When the mayor of New Orleans spoke on the 12th anniversary of Hurricane Katrina this Tuesday, he looked to Houston.
Texas ― and Houston in particular ― took in tens of thousands of Louisiana residents after Katrina, and now the city was itself turned to a lake after catastrophic flooding from a hurricane; people stranded without food, water or proper shelter wading through high water in search of escape; and people being rescued by volunteers or professionals, losing their cars, their homes, their pets, their lives.
The trauma and devastation ― as well as the heroism and charity ― were all too recognizable to New Orleanians. “Our hearts break for them,” Mitch Landrieu tweeted this week, and added in a statement: “We will do all we can to help them stand back up.”
Katrina, the mayor noted, had been viewed when it hit as something of an outlier in terms of its incredible damage. But then, he said, superstorm Sandy pummeled the city of New York to the northeast, making it the second-costliest hurricane after Katrina. And how, Harvey has devastated Texas to the west.
Landrieu didn’t pivot directly to climate change, but it is both implied and scientific consensus: Storms and extreme weather events are growing in severity and likelihood thanks to our planet’s warming climate.
As a child, I don’t remember year after year of record-breaking weather events. I don’t remember “the hottest,” “the coldest,” “the wettest” and “the driest” tumbling off news announcers lips with such ubiquitous frequency.
But Victoria, B.C., my hometown, saw record-breaking temperature highs this week, in the midst of that province’s summer of record-breaking wildfires. Harvey has unleashed more than Houston’s typical annual rainfall in just a few days, and it surpassed the 50-inch record for single-storm rainfall recorded on the continental U.S., according to the National Weather Service. As relatively gently as Harvey hit New Orleans, it still shed enough rain for the city to break its annual record of 34.27 inches this year.
Toronto just had the warmest February on record, one of ten warm-winter records set across Southern Ontario. Quebec’s spring flooding broke water-level records for multiple waterways.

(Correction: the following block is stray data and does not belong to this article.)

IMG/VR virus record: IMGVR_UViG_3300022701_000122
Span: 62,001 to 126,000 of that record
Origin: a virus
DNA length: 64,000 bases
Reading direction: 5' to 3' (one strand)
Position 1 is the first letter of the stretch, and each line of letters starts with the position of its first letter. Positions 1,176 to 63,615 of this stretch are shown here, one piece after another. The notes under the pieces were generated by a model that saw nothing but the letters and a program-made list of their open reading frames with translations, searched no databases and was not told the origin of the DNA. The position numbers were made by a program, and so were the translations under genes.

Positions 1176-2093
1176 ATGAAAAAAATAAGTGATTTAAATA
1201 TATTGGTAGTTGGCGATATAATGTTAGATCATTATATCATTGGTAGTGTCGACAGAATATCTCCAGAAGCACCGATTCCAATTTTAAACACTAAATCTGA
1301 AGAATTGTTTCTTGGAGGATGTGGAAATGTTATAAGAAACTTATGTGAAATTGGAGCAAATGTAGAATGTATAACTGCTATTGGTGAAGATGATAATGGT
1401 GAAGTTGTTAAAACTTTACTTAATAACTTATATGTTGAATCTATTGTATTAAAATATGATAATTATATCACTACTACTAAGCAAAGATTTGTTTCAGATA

The weather is always, it seems now, unprecedented. Shouldn’t that mean, at some point, that we begin to expect that which has no precedent?
The focus in Texas, and now parts of Louisiana, remains on saving lives and serving those evacuated and rescued, but much of the surrounding conversation hangs on the surprise of Harvey’s impact. It is the same surprise we see at the wildfires ravaging B.C.
People are being blamed for living too close to the sea, or in flood prone areas, or too close to dry forests. Officials will be criticized and questioned over their response. But there is a middle ground between deserting major hubs of the U.S. economy ― such as the oil industry is to Houston and even New Orleans ― and pushing on as if these storms and fires and floods aren’t coming. While we can question a city’s emergency preparedness, we can also ask whether it isn’t more everyday policy decisions that doom us.
One year ago, the Texas Tribune and ProPublica charted how urban sprawl has decimated prairies and green spaces which are crucial to absorbing water in flood events in their investigation “Boomtown, Flood Town.” While cities like Rotterdam in the Netherlands are built to adapt to flooding and rising sea levels, to “live with water, rather than defeat it,” as the New York Times put it, New Orleans has a pumping system that even the mayor admits is not capable of responding to unusually heavy rains.
At some point ― and probably very soon ― we won’t be able to claim surprise at climate change’s growing costs anymore. The question will be asked: How did we ever imagine it would turn out otherwise?